If weâ€™re headed towards economic recovery, the path is unlikely to be a smooth one. At least thatâ€™s what Juneâ€™s unemployment numbers indicate as the nation lost 467,000 jobs, more than 100,000 above estimates.
With unemployment now at 9.5%, a 26 year high, most economists foresee double-digit unemployment before the end of the year with numbers continuing to rise into 2010 before beginning to creep back down. Of course, when you figure in all those whoâ€™ve given up looking for a job and those whoâ€™ve had to settle for low-paying part-time jobs, the real unemployment rate is closer to 16.5%.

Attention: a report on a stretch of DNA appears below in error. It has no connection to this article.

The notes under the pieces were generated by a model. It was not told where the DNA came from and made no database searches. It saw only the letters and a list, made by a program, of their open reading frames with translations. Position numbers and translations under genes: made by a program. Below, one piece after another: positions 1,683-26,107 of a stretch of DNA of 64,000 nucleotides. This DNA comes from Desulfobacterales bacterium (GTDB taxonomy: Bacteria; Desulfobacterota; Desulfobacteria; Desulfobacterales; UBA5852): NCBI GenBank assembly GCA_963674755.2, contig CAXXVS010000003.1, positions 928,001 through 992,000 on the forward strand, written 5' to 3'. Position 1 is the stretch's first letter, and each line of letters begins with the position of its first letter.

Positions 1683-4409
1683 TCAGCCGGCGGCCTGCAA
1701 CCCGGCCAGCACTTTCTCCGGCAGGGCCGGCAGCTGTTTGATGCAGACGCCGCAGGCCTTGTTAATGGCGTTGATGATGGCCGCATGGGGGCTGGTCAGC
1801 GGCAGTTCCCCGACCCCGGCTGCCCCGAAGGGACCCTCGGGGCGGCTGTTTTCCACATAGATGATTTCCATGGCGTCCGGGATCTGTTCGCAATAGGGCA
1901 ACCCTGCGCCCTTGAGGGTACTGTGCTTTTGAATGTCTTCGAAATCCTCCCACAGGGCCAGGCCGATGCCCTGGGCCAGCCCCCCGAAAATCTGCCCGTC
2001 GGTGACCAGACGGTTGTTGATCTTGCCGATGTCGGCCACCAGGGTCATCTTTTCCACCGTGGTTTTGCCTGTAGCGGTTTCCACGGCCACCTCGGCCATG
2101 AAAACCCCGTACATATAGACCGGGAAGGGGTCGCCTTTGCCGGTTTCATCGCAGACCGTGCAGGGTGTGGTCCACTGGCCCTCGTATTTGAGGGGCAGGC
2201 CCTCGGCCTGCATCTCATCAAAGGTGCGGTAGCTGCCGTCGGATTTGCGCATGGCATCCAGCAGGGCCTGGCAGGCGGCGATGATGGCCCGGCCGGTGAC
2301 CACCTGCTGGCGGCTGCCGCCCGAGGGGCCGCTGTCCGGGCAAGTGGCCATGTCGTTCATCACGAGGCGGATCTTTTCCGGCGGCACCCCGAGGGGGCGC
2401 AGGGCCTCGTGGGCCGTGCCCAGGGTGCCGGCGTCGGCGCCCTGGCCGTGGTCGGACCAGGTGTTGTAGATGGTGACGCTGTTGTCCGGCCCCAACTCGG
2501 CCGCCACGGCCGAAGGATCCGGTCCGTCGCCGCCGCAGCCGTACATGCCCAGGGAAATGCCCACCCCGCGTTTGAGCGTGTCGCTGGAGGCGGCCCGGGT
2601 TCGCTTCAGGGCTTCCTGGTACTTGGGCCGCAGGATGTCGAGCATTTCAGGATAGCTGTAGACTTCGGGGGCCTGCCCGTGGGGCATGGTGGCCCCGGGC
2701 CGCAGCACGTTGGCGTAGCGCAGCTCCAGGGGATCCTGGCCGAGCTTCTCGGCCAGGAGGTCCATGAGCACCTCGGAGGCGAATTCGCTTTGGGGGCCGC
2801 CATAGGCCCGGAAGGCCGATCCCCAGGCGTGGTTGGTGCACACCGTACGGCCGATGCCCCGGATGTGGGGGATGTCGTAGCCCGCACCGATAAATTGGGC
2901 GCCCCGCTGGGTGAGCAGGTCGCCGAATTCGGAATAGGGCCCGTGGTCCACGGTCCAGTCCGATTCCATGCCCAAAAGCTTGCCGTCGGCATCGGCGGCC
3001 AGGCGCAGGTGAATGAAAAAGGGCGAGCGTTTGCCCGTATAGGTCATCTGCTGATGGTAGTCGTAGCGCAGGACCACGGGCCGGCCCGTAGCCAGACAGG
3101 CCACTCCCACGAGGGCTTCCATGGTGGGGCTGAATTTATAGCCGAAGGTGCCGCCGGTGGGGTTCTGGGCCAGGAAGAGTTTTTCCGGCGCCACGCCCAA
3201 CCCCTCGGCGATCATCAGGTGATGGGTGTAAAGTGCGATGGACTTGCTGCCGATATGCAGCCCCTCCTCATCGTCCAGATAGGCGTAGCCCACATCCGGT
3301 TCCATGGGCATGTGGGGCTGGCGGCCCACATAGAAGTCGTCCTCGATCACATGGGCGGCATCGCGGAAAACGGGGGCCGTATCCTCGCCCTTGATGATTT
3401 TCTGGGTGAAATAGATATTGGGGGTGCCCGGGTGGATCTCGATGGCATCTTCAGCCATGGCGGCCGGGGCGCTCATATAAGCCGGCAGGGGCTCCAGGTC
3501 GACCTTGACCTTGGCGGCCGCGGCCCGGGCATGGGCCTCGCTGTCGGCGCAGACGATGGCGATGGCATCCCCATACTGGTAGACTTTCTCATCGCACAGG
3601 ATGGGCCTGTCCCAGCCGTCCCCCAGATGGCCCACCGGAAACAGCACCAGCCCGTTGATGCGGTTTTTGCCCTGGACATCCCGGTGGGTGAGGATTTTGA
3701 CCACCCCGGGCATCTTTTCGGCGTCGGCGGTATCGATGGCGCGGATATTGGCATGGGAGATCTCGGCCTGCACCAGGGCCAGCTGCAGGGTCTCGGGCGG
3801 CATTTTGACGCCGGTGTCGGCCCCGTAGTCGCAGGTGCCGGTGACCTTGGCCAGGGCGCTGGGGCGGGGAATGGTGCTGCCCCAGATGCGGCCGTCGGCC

Thatâ€™s a lot of unemployment for the economy to absorb. Given that some jobs arenâ€™t coming back (automotive for instance) and others will have to come back from new sources (Linens nâ€™ Things, Circuit City, etc.), there is no reason to think any recovery will be quick or easy. I suspect economists will be regularly confounded and estimates will be regularly wrong.
The hope is that, all-and-all, the economy trends upwards. We can handle a few bumps, Iâ€™m not sure weâ€™d fare well under a long depression.